If the rest room locked we either couldn’t figure out how to lock it or how to unlock it. All across Tuscany people could hear one giggling woman in a ladies room making extensive fiddling with the lock and doorknob noises while another woman sat giggling helplessly at each jiggling sound. The first to successfully use the facilities tried to explain to her sister, Nuni or Noony, how to enter and exit but the information rarely translated to better results.
Locks (or the frequent lack thereof) were not even the most difficult aspect of toilet usage. Some toilets flushed with a handle, some by pulling a chain and, most horrifying, the “Ottoman” toilet that didn’t involve flushing at all (see non-graphic photos). Many toilets in Tuscany included a hose attached to the wall. WTF? Are you supposed to take a shower afterwards? Wash your bum? What did you do that toilet paper couldn’t eradicate?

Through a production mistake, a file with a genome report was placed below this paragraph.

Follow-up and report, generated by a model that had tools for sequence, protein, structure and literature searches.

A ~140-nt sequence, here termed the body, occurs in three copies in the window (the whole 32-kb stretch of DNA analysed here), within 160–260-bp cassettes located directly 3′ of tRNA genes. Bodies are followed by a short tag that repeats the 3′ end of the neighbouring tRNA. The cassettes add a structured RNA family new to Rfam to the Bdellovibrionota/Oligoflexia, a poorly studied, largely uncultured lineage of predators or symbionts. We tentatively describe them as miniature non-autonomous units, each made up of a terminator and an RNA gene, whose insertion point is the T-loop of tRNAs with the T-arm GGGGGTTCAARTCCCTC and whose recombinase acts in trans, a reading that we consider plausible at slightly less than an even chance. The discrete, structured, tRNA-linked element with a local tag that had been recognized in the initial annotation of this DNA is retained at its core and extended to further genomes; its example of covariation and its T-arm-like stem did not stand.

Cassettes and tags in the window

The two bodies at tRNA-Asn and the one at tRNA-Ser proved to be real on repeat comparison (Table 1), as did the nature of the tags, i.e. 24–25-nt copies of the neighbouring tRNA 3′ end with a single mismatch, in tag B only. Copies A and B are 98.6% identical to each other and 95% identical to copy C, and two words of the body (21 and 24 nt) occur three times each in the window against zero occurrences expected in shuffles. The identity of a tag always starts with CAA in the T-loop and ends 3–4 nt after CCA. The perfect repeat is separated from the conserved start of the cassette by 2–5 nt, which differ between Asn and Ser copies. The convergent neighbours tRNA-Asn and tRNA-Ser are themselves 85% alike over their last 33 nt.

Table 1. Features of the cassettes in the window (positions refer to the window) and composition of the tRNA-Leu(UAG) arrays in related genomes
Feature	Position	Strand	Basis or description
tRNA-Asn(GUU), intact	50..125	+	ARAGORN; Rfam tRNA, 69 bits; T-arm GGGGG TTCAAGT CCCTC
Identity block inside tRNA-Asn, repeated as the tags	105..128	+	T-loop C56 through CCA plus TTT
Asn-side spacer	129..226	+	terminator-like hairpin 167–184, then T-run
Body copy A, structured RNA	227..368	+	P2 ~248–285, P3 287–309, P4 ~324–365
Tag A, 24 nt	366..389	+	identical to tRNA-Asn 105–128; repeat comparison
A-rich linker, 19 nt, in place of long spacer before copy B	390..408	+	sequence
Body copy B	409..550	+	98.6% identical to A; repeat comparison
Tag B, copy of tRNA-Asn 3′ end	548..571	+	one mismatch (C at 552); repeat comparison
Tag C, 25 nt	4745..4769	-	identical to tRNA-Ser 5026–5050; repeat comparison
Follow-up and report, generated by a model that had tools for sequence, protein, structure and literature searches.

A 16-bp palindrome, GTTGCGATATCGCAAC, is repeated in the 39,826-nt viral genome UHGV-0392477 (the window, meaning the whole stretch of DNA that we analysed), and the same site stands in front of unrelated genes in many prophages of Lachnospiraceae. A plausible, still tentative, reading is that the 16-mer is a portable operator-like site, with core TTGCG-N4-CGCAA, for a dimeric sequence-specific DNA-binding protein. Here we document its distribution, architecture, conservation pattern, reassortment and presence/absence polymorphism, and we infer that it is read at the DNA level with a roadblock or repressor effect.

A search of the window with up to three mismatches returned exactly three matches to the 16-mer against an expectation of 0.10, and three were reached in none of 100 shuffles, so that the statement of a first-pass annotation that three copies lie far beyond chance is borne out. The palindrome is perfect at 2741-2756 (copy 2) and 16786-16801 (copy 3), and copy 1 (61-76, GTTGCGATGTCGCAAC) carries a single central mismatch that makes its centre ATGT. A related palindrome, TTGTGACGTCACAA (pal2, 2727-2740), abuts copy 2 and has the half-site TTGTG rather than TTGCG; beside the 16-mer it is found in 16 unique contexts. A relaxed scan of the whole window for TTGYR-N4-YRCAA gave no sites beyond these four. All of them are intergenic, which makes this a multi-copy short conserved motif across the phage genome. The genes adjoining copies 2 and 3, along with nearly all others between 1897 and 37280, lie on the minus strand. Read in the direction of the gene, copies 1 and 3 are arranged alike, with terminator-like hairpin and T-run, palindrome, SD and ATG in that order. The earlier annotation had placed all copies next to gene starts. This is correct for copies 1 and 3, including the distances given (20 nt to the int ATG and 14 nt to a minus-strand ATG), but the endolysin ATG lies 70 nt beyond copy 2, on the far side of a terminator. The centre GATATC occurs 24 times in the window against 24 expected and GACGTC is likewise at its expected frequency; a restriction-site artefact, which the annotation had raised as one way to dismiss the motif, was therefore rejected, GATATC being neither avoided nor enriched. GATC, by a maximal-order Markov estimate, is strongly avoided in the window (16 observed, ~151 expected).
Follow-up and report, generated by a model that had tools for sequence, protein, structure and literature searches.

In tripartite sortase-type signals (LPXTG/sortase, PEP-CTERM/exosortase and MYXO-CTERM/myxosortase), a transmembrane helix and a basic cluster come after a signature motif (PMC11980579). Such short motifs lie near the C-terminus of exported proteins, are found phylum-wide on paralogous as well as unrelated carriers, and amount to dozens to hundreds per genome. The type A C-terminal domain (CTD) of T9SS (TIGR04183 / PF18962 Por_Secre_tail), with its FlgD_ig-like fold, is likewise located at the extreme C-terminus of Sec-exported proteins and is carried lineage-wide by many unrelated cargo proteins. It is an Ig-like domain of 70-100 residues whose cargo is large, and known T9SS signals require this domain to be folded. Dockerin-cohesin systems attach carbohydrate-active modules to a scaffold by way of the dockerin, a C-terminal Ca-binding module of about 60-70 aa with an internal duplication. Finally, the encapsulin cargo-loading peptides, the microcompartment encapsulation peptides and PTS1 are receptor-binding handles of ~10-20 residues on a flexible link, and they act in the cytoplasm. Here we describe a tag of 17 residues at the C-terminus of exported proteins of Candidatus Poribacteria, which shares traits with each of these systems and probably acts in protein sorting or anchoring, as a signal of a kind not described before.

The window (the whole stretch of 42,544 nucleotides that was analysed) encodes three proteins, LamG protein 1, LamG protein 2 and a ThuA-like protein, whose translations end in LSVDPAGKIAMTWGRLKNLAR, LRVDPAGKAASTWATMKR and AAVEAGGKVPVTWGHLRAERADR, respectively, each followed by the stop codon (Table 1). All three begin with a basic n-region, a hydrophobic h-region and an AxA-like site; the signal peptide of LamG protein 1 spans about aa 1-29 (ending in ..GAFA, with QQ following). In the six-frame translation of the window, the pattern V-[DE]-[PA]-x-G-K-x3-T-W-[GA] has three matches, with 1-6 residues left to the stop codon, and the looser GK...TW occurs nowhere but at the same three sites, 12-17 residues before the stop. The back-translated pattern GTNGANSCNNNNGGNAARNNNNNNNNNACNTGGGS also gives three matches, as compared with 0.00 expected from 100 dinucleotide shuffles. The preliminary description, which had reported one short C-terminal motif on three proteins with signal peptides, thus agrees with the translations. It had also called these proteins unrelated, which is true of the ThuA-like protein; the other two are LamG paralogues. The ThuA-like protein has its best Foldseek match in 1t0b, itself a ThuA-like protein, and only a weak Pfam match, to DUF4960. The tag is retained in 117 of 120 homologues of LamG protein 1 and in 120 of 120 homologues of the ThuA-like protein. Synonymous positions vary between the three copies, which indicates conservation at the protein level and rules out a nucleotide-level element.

Virtually all restrooms had a string you could pull to summon help. Help for what that you would welcome the intervention of a waiter called away from his two-hour smoke break? ”Mi scusi, è il mio asino pulito? ” (“Excuse me, is my bum clean”?) Would you even trust the waiter’s answer? What if he blew smoke up your ass? (See smoke break comment.)
It’s only fair to say that, on more than one occasion, Blonde pulled the alarm string. She always hurriedly exited the restroom intending to tell the staff that there wasn’t a problem or need for intervention only to find that absolutely no one had noticed or responded. In other words, she kept forgetting it was Italy.
A consistent issue was the need to milk the soap dispenser. If you’re accustomed to a dispenser where you push a button and soap emerges, then you’re very spoiled. In Tuscany most often there was a plastic soap teat descending from some dilapidated holder. If you wanted soap you had to simulate milking a goat. (We decided it was a goat as surely a cow would have more teaticity and would squirt milk. It’s well-known that goats squirt hand soap.)